Everything You Need to Know About EPR

  1. EPR stands for Extended Producer Responsibility. It seeks to make the manufacturers of disposables responsible for lessening the safety, environmental, and economic repercussions of their products as they reach the end of their use.
  2. These bills, up for a vote in the legislatures of nine states, would require producers of packaging (cups, bottles, boxes, etc.) to be both financially and legally responsible for the environmental impact of their products.
  3. EPR programs already exist for the disposal of products like paint and mattresses, but pressure has mounted from Democratic politicians and environmental activists for reform in the plastics field in response to the trash crisis in the United States.
  4. Canada, Japan, South Korea, and the European Union currently have EPR programs operating at full capacity.
  5. Individuals would receive a break off of their state and local taxes which would be transferred to the producers and distributers of this waste. These programs would take budgetary strain off of beleaguered state and local governments as well as individuals recovering from the COVID-19 pandemic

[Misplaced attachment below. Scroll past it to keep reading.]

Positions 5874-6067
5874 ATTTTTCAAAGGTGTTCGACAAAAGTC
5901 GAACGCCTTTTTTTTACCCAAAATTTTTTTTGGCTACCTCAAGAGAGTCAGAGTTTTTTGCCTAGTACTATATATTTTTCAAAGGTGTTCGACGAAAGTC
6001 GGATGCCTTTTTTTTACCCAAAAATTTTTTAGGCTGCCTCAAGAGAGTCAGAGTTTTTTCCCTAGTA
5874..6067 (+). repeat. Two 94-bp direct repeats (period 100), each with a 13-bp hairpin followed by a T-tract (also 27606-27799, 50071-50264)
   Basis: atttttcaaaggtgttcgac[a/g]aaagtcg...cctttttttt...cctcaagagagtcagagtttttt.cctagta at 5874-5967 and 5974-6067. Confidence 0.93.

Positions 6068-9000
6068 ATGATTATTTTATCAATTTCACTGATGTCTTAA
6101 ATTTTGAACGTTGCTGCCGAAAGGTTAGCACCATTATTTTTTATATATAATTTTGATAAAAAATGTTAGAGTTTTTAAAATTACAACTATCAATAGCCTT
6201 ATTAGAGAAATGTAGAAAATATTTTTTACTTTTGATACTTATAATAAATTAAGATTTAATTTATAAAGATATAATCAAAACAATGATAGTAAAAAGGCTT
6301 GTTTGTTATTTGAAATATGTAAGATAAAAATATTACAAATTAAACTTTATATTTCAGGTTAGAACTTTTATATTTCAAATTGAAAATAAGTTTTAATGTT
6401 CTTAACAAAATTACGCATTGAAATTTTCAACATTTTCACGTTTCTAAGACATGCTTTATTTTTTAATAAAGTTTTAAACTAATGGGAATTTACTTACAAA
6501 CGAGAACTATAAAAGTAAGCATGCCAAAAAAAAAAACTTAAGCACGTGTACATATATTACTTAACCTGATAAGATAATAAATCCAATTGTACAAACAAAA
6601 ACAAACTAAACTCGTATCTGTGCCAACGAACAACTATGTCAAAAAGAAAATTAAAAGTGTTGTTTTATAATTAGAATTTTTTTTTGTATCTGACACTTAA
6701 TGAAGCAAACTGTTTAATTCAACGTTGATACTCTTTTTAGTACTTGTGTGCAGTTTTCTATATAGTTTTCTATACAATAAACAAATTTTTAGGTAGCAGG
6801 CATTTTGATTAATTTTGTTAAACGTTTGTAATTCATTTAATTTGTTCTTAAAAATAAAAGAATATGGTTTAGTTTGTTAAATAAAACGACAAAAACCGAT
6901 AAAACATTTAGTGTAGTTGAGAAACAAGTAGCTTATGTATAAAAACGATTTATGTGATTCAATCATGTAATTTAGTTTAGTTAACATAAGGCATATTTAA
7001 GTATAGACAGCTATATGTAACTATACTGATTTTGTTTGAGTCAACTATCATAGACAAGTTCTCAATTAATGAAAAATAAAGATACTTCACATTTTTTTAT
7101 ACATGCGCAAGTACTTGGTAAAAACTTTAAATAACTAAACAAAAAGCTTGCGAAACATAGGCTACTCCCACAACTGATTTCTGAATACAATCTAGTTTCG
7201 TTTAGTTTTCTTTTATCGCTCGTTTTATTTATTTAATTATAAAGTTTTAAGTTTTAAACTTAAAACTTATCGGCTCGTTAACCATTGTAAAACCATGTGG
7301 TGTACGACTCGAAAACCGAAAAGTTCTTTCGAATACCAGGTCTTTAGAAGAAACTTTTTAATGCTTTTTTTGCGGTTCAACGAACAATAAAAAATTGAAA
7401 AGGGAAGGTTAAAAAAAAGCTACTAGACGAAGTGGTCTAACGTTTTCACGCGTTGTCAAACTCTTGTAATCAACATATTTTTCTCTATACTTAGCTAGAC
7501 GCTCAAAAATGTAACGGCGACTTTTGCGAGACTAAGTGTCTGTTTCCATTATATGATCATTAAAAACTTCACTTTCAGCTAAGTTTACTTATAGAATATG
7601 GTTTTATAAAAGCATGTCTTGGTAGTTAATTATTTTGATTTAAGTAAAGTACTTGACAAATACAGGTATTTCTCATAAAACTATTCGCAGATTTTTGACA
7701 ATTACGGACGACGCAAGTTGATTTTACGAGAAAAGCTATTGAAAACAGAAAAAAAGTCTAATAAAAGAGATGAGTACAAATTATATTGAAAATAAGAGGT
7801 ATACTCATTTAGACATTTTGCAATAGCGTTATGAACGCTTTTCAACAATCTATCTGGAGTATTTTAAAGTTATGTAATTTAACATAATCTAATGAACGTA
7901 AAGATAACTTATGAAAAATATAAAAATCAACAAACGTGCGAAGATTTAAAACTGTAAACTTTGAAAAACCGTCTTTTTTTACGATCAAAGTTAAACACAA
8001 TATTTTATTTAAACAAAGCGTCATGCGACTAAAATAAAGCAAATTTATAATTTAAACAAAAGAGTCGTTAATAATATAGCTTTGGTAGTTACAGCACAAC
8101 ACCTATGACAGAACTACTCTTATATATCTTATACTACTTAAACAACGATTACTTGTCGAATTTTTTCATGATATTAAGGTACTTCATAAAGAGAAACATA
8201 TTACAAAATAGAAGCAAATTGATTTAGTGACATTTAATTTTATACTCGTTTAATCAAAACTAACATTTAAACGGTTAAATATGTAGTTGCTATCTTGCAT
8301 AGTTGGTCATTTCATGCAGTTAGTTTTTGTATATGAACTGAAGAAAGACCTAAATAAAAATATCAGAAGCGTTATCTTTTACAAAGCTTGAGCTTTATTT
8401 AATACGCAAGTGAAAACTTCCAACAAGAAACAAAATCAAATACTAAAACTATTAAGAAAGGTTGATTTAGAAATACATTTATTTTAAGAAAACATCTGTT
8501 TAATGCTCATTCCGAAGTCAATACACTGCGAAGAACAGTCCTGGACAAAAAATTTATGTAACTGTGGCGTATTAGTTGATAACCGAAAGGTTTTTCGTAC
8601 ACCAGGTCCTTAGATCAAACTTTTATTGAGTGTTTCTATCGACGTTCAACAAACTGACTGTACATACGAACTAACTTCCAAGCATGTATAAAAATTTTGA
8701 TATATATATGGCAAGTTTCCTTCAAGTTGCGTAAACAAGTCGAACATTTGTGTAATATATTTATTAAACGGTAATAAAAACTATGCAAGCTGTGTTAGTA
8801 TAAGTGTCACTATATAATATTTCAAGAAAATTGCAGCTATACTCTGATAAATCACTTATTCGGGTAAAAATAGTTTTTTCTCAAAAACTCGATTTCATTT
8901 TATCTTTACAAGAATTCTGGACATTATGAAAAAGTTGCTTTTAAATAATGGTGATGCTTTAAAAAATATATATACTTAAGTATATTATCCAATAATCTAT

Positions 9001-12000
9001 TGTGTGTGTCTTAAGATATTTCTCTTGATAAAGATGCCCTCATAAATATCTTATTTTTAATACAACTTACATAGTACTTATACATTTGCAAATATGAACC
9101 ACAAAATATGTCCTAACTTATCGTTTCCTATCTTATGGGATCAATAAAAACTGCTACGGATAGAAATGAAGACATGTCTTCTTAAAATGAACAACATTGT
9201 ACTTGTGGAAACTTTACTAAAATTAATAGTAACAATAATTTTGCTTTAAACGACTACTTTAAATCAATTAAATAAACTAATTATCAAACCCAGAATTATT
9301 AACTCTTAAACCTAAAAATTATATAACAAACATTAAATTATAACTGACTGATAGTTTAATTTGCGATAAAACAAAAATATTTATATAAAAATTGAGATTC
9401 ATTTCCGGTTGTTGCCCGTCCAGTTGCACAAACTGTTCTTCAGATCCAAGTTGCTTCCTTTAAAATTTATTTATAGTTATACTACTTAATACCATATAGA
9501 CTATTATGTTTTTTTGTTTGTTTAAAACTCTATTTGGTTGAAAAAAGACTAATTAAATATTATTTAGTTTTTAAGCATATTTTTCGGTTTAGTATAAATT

6. Rethinking needs to be done as to how to continue service delivery to areas that rely on a subscription based system of trash removal.
  7. The ultimate goal of EPR Programs is to reach a world where waste is eliminated. A mandate of this type is being coined by ecologists and economists as a “circular economy” or the “circularity”, where resources are continually put to use, from raw materials, to production, consumption, waste management, and back into raw materials.

Jacob Rosen